Terpenoids: An Activator of “Fuel-Sensing Enzyme AMPK” with Special Emphasis on Antidiabetic Activity

  • Smitha Grace S. R. 
  • Girish Chandran
  • Jyoti Bala Chauhan


The past decade has witnessed a tremendous resurgence in the interest and use of medicinal plants. The therapeutic effects of these medicinal plants can justifiably be attributed to the phytochemicals in them especially the flavonoids, alkaloids, sterols, terpenoids, phenolic acids, stilbenes, lignans, tannins, and saponins. Terpenoids comprise one of the most interesting groups of natural products; due to their diverse pharmacological activities, such compounds can either be used directly as active compounds or modified to increase their selectivity and potency.

Type 2 diabetes is one of the fastest-growing public health problems worldwide characterized by the abnormal glucose and lipid metabolism due in part to resistance to the actions of insulin in the skeletal muscle, liver, and fat. This may result from inadequate adaptation to environmental changes (e.g., imbalance between energy intake and energy expenditure). AMP-activated protein kinase (AMPK), a phylogenetically conserved serine/threonine protein kinase, acts as an integrator of regulatory signals monitoring systemic and cellular energy status. The growing realization that AMPK regulates the coordination of anabolic (synthesis and storage of glucose and fatty acids) and catabolic (oxidation of glucose and fatty acids) metabolic processes represents an attractive therapeutic target for intervention in many conditions of disordered energy balance. Recent evidences that pharmacological activation of AMPK improves blood glucose homeostasis, lipid profile, and blood pressure in insulin-resistant rodents make this protein kinase a novel therapeutic target in the treatment of type 2 diabetes. The present review provides updates on wide range of biological activities of terpenoids in activating AMPK and thereby regulating type 2 diabetes.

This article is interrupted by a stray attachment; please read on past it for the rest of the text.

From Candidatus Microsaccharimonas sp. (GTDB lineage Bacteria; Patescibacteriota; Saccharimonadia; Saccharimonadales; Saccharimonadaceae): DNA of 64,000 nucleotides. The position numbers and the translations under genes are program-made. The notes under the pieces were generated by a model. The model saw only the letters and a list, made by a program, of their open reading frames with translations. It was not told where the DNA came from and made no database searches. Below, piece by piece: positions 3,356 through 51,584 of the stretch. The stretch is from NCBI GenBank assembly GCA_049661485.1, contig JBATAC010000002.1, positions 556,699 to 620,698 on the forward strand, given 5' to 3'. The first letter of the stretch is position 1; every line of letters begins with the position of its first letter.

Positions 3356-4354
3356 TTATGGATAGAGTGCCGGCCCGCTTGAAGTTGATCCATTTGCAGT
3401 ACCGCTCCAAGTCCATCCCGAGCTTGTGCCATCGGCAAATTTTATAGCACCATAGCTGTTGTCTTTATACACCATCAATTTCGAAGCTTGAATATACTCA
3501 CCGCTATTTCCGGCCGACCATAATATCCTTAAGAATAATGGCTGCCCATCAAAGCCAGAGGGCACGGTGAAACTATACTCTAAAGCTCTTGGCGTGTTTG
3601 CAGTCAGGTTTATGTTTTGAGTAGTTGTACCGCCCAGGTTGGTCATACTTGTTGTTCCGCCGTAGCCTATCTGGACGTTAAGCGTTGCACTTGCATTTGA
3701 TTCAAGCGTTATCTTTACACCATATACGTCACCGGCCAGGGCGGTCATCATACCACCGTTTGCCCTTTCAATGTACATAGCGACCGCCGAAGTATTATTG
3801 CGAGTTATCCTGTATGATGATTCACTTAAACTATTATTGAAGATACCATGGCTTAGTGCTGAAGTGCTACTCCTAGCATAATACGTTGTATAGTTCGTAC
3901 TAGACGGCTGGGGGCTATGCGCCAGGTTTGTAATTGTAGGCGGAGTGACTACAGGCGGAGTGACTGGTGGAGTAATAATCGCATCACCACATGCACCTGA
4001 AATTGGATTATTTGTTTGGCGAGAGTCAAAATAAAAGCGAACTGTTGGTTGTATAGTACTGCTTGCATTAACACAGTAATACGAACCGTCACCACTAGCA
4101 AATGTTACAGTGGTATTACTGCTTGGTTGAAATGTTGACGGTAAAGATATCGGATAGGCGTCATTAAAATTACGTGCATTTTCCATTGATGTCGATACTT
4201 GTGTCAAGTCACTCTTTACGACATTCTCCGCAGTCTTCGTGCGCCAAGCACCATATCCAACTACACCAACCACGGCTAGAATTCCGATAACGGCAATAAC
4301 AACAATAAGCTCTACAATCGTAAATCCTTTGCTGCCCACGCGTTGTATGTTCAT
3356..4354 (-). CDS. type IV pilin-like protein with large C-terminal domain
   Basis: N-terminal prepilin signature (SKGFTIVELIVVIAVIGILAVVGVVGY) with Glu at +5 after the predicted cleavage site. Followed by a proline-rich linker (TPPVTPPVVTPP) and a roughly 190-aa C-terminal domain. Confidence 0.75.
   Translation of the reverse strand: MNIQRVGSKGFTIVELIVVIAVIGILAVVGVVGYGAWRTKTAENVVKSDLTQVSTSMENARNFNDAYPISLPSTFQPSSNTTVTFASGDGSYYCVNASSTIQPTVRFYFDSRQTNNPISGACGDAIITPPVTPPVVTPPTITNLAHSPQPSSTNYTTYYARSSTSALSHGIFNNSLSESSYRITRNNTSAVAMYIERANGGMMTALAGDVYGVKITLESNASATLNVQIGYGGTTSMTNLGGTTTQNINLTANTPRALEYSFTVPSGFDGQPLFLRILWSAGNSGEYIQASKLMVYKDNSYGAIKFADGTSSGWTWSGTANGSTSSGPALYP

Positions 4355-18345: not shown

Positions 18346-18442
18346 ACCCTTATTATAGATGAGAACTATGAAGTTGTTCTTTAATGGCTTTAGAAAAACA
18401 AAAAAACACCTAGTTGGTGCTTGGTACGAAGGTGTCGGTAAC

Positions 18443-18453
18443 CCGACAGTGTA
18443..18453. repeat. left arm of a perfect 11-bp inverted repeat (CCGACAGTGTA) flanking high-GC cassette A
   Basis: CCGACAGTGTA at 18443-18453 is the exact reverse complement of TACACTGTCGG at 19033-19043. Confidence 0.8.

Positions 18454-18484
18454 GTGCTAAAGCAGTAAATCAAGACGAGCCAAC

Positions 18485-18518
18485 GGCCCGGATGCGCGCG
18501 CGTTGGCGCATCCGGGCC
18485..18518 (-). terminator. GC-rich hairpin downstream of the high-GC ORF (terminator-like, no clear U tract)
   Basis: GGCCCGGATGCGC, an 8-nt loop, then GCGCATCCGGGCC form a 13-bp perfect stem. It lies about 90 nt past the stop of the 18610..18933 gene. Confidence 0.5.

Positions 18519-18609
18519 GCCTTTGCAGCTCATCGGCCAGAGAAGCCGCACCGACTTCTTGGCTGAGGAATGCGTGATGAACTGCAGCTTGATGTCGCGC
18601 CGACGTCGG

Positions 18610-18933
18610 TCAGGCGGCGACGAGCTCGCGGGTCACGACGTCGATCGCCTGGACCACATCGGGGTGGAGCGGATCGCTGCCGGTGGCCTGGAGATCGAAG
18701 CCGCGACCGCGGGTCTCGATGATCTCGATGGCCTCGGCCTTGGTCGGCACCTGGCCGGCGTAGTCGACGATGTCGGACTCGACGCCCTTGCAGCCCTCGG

Terpenoids Protein kinase Regulatory signal Glucose homeostasis 


Conflict of Interest

The authors do not have any conflict of interest to declare.


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© Springer Nature Switzerland AG 2019

Authors and Affiliations

  • Smitha Grace S. R. 
    • 1
  • Girish Chandran
    • 1
  • Jyoti Bala Chauhan
    • 2
  1. 1.Department of Studies in BiotechnologyPooja Bhagavat Memorial Mahajana Education Centre, Post Graduate Wing of SBRR Mahajana First Grade CollegeMysuruIndia
  2. 2.DOS in Biotechnology, Microbiology & BiochemistryPooja Bhagavat Memorial Mahajana Education Centre, Post Graduate Wing of SBRR Mahajana First Grade CollegeMysuruIndia

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